NCLB Making a Difference in Vermont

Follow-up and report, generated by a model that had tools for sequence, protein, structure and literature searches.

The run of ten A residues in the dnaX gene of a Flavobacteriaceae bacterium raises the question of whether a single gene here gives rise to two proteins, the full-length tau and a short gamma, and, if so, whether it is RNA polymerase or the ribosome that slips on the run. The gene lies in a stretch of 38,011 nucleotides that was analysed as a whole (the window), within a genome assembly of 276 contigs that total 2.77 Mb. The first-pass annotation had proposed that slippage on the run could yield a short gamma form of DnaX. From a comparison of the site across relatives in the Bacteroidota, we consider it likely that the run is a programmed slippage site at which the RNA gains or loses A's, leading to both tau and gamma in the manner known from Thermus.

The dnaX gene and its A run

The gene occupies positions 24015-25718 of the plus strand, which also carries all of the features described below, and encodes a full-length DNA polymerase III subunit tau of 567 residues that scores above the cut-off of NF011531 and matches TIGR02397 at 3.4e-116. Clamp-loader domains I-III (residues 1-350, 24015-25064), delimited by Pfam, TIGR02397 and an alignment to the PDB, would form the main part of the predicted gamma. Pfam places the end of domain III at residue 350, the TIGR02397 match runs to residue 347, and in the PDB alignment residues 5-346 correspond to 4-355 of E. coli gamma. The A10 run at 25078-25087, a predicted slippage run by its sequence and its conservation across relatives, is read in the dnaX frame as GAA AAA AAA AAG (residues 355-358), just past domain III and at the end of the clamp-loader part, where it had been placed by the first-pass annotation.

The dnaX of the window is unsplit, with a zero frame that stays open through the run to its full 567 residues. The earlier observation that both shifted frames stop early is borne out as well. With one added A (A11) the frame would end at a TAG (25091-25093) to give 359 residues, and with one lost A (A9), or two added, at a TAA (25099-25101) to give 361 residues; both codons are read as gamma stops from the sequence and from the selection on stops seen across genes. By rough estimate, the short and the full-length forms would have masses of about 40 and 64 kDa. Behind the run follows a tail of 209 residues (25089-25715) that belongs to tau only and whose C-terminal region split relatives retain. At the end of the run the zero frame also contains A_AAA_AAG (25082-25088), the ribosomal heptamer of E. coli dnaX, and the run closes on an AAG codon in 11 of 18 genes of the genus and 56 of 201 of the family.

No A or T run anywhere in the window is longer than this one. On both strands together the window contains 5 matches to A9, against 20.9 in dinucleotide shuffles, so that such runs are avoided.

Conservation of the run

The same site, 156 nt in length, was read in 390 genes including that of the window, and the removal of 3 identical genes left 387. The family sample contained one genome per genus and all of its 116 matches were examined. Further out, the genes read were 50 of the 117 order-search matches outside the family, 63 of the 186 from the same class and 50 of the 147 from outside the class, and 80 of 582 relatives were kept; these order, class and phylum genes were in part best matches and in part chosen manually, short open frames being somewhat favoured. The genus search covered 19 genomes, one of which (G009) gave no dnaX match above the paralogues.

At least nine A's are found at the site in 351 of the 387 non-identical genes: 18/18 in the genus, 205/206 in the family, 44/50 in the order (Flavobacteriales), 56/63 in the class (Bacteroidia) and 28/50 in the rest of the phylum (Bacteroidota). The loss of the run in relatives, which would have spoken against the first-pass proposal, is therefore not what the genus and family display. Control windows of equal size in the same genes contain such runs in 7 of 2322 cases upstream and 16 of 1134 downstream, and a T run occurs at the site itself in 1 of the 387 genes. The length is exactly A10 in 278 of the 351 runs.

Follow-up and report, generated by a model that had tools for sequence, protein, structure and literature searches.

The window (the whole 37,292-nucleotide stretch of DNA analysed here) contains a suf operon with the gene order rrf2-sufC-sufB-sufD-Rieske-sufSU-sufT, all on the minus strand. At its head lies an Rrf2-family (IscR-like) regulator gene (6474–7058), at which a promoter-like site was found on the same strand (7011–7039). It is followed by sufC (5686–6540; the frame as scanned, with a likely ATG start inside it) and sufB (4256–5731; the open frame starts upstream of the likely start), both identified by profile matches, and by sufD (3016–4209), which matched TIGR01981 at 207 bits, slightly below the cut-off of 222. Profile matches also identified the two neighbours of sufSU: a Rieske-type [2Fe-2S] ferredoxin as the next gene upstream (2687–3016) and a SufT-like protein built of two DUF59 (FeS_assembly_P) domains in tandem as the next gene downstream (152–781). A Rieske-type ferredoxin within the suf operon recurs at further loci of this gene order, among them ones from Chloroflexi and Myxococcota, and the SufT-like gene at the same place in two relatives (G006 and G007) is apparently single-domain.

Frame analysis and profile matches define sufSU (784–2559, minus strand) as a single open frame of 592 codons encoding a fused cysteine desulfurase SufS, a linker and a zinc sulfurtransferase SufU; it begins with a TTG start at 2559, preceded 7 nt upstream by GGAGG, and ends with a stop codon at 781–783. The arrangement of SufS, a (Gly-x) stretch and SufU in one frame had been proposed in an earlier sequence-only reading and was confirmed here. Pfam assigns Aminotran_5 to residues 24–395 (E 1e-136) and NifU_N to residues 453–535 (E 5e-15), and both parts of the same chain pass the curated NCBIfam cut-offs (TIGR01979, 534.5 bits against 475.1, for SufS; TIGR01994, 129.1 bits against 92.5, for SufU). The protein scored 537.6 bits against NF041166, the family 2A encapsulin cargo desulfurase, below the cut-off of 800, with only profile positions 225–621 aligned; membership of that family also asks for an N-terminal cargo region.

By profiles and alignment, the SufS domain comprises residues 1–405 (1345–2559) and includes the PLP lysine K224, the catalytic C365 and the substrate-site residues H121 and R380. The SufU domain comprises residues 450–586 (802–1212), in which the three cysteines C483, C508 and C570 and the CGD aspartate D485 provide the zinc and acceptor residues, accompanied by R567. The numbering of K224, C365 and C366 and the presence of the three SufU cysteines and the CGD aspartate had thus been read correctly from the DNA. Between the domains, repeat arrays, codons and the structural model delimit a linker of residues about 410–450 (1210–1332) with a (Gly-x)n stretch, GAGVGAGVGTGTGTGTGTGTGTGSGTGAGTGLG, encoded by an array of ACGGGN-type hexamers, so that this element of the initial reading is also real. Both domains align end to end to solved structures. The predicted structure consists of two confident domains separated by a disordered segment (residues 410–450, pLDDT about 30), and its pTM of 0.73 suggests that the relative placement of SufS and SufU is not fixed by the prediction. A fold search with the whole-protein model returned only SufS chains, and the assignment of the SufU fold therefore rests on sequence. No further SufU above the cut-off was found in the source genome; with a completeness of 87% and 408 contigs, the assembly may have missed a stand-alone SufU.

• Between 2002 and 2004 (latest data available): – Fourth-grade mathematical concepts proficiency increased by eight percentage points – Fourth-grade mathematical problem-solving proficiency increased by 18 percentage points (Vermont Report Card) “Students who are native speakers of languages other than English in Maine, New Hampshire and Vermont will soon begin taking a new standardized test designed to prove their understanding of English is improving. ... The test was designed by a 10-state consortium and has oral and written components. ... Michael Hock, testing director for the Vermont Department of Education, said the testing will help improve the services provided those very students. ‘We haven’t had much good data in the past to be able to determine whether those students are making progress,’ Hock said. ‘We’re hoping that this will provide information on individual students.’” (Associated Press, 1/19/05) “Catamount Elementary School and the Concord School are making progress toward getting off the state watch list for underperforming schools. The Bennington elementary school and the K-12 school in Concord were two of the 39 schools reported to have not made adequate yearly progress, according to the state. On Thursday, after the schools had submitted updated information, the schools learned they had met the standards for yearly progress. The updated data showed Concord’s graduation rate exceeded the required 75 percent. Test results at Catamount showed the school had met the standard in English/language arts for low-income students. Bennington Supervisory Union Superintendent Wes Knapp said he was ‘thrilled’ because the school had the highest rate of free and reduced lunch students in the district. The teachers have been really committed ‘to bringing these students up to speed,’ he said.” (Associated Press, 12/17/04) “As principal Joyce Stone tells it, Colchester High School hit rock bottom seven years ago. Test scores were sinking. Six students were expelled. Fights and bomb threats put everyone on edge. ‘We ended the year with metal detectors and a lockdown,’ said Stone, who was then assistant principal. ‘It was a very, very low point for this school.’ Since then the suburban school on Laker Lane has embarked on a makeover – dropping its ninth and 10th grade honors program in favor of teaching to students’ different academic abilities within the same class – that might provide lessons for other school districts in an era when both national and state leaders are pressuring high schools to better educate students.... Between 1998 and 2004, reading proficiency scores on state-mandated standardized tests nearly doubled. The percentage of students meeting or exceeding the standard in solving math problems increased from 16 to 48 percent. The dropout rate has fallen from six to less than one percent and expulsions are rare.... Also, as Colchester de-emphasized ‘tracking,’ it opened the door wider to Advanced Placement [AP] classes. Enrollment increased in these courses significantly, and hit 212 students this year. ‘We have several kids in AP classes who would have been in the lower track, without a doubt,’ [English teacher Bill] Rich said.” (Burlington Free Press, 3/22/05)